This is the second post in our two-part series about the session led by Dr. Flojaune Cofer and Ben Duncan, each from a public health background with a focus on health disparities. They addressed ACEs in the context of health equity at their panel entitled ACEs, Race, and Health Equity: Understanding and Addressing the Role of Race and Racism in ACEs Exposure and Healing. The panel occurred at the 2018 ACEs Conference: Action to Access co-hosted by ACEs Connection and the Center for Youth Wellness in San Francisco, CA. The first post focused on Cofer’s presentation can be found here, while this one highlights content presented by Ben Duncan.
Duncan (pictured, above right), is the chief diversity and equity officer for the Multnomah County Office of Diversity and Equity in Portland, Oregon. One question underlies all of his work:
“How can we create a world, starting with their own organizations and communities, that will reduce or eliminate racism as a source of toxic stress?”
He joked, "Everyone wants change but no one wants to change," before he detailed the four-part focus of his work which is "what I mean when talking about racial equity work."
- The distribution of resources - Income, as well as who has access to information and power.
- Systems - Are they sustainable and do they sustain all people?
- Meaningful community engagement - In general, but particularly in communities of color. This means, “more than just a seat at the table or being present, but having the ability to impact decisions that affect one’s life,” he said.
- Embodying equity and empowerment in daily life. This, he said is the daily and day-to-day work we all must do. It includes specific practices, how we operate, manage and also how we show up and do this work both in and as institutions, organizers, and individuals at work, at home and in the community.
Three words center the work of Multnomah County and are in their workforce equity strategic plan, he said. They are: Safety. Trust. Belonging.
“Safety, trust, and belonging are the core fundamental elements of what it is to feel human, be whole, and have a sense of value,” Duncan said. They serve as the "north star framework" that connects all work done in Multnomah County in libraries, criminal justice, health and human services, IT, and facilities departments.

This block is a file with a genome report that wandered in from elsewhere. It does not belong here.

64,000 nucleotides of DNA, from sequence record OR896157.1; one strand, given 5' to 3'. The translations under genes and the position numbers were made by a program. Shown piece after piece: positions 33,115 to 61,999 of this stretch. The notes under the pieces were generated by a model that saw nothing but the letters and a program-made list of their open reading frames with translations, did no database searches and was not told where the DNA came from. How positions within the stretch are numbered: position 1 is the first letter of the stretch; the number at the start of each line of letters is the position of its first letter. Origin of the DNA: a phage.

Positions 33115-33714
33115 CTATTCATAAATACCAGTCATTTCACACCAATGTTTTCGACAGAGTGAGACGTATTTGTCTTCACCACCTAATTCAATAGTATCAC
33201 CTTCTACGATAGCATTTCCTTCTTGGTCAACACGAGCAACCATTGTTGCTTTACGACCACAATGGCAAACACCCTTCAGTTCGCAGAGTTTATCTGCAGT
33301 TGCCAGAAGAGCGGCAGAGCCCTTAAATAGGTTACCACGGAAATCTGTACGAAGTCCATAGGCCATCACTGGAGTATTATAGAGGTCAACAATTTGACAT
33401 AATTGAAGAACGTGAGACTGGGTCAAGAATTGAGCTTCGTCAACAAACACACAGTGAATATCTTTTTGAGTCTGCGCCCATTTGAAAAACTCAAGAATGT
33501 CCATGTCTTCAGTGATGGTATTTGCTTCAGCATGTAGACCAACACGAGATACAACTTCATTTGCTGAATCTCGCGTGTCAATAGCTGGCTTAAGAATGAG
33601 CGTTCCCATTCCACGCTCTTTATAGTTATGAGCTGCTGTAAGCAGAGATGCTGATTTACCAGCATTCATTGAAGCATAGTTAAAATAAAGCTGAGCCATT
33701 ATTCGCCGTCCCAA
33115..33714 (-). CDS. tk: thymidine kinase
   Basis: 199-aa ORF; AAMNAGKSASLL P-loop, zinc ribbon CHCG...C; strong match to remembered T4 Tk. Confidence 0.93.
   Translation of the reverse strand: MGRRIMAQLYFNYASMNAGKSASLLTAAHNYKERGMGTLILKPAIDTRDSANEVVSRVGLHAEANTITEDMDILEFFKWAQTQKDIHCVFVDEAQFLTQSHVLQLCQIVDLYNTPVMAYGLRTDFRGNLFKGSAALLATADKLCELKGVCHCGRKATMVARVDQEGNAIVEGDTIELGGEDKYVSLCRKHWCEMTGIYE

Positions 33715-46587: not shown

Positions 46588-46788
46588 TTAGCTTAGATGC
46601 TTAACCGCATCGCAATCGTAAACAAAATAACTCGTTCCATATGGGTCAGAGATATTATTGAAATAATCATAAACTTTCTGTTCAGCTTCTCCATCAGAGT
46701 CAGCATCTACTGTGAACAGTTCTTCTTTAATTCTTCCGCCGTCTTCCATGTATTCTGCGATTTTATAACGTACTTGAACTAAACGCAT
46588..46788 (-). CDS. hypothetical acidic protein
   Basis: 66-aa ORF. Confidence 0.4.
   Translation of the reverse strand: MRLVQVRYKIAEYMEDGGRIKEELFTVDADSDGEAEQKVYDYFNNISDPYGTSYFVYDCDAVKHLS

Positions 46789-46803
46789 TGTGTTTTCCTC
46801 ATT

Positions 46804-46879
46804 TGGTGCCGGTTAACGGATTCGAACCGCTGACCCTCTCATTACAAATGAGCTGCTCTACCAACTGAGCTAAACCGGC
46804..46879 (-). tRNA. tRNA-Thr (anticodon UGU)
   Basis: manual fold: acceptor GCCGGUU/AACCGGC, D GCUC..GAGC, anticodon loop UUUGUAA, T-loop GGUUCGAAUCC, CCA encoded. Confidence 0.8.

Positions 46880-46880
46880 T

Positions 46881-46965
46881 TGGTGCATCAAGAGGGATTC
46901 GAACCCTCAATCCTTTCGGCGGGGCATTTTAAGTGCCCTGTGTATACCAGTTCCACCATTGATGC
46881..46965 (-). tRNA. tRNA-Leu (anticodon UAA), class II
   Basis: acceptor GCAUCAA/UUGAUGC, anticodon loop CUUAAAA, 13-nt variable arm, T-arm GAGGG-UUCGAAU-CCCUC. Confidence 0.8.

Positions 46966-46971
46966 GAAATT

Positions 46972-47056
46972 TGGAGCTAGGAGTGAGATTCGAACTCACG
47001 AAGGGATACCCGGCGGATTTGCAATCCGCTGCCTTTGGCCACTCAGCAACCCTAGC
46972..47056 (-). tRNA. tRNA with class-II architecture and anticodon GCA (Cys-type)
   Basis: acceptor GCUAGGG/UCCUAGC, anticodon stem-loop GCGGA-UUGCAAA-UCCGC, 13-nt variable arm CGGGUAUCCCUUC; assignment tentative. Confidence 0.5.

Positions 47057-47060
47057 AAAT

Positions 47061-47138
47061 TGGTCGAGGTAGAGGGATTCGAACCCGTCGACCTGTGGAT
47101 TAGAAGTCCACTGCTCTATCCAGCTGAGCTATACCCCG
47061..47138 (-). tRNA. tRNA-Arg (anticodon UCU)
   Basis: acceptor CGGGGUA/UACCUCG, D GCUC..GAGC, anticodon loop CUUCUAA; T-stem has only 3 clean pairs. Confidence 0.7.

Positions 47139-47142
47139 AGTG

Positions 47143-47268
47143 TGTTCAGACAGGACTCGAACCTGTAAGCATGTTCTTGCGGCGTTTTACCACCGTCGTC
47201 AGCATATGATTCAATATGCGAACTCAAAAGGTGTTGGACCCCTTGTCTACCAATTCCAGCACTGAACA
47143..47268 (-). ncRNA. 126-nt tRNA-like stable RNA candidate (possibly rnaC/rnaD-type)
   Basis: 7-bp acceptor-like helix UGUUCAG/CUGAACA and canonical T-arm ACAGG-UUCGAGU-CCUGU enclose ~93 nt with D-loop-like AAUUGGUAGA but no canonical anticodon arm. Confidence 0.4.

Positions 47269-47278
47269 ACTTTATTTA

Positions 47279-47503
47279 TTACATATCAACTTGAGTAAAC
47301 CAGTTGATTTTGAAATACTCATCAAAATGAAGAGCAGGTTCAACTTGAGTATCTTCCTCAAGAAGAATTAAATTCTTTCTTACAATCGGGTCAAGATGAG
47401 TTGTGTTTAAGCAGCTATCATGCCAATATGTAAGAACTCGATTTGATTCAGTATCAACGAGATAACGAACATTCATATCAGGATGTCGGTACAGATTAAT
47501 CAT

He joked that not all government strategic plans would include a heart (see image) but Multnomah County does. “This is heart-based work,” he said, done by people with a “love of community,” and “a radical imagination of what this world could look like.”
While he shared tools, reflections, and stories gathered from his role as chief equity officer, work he began in in 2012, he stressed that there are no cookie-cutter solutions or shortcuts. The process matters, as does engagement.
“The value that we held is if we don’t center voices of those most negatively impacted, then we weren’t doing our work,” he said. “When we talk about belonging,” he said, “we must remember… the opposite of belonging is 'othering'.” And so asking, “Who do we other? How do we other through our narratives, structures, neighborhood designs?” is critical.
Duncan shared the Equity and Empowerment Lens (racial justice focus) (see image below and strategic plan for more details).
He shared other key questions and consideration central to the work of the Multnomah County Office of Diversity and Equity that may be helpful to other organizers and organizations.
- Who is impacted and how?
- How are people situated in relation to a particular issue?
- Are people most impacted fully included?
- Are the voices of those most impacted heard, lifted up, and centered?
- Do people have a place to check in, weigh in, and dissent?
- Do people feel valued?
- Are people going to be traumatized or retraumatized by an issue or decision, which, in order to answer, he said meaning “we have to be able to answer that is to know the impact of trauma.”
- Consider resources: How are resources distributed now and in the past? “We have entire communities that have felt years and years of disinvestment, like a separate place that no one cares about," he said. Seeing investments going to the same neighborhoods is retraumatizing. "What does it say to communities and individuals in communities that feel they don’t matter?”
- Examine power: Talk about power. Not just structural barriers, benefits and burdens. How are decisions made and who is accountable and what does it look like to authentically share power? This question, he said, must be asked by anyone with positional authority.
- Measure success and incremental progress: He said that every department in Multnomah County has an equity officer, and that was something that took years to happen.
- Measure effectiveness: Doing this work means you have better policies and less disparate outcomes particularly for communities of color. Ultimately you see population outcome levels shift.
- Have patience: “We’ve had pervasive disparities that existed for eons,” he said, and so the work is ongoing. It takes years to “shift norms and expectations about what we should be.”
- Build on success: “As much as this is about changing what’s wrong, it’s also about realizing and lifting up what’s working. Part of the work is to say what are the models that are working? Who is doing it well — not just as window dressing and using right language,” he said.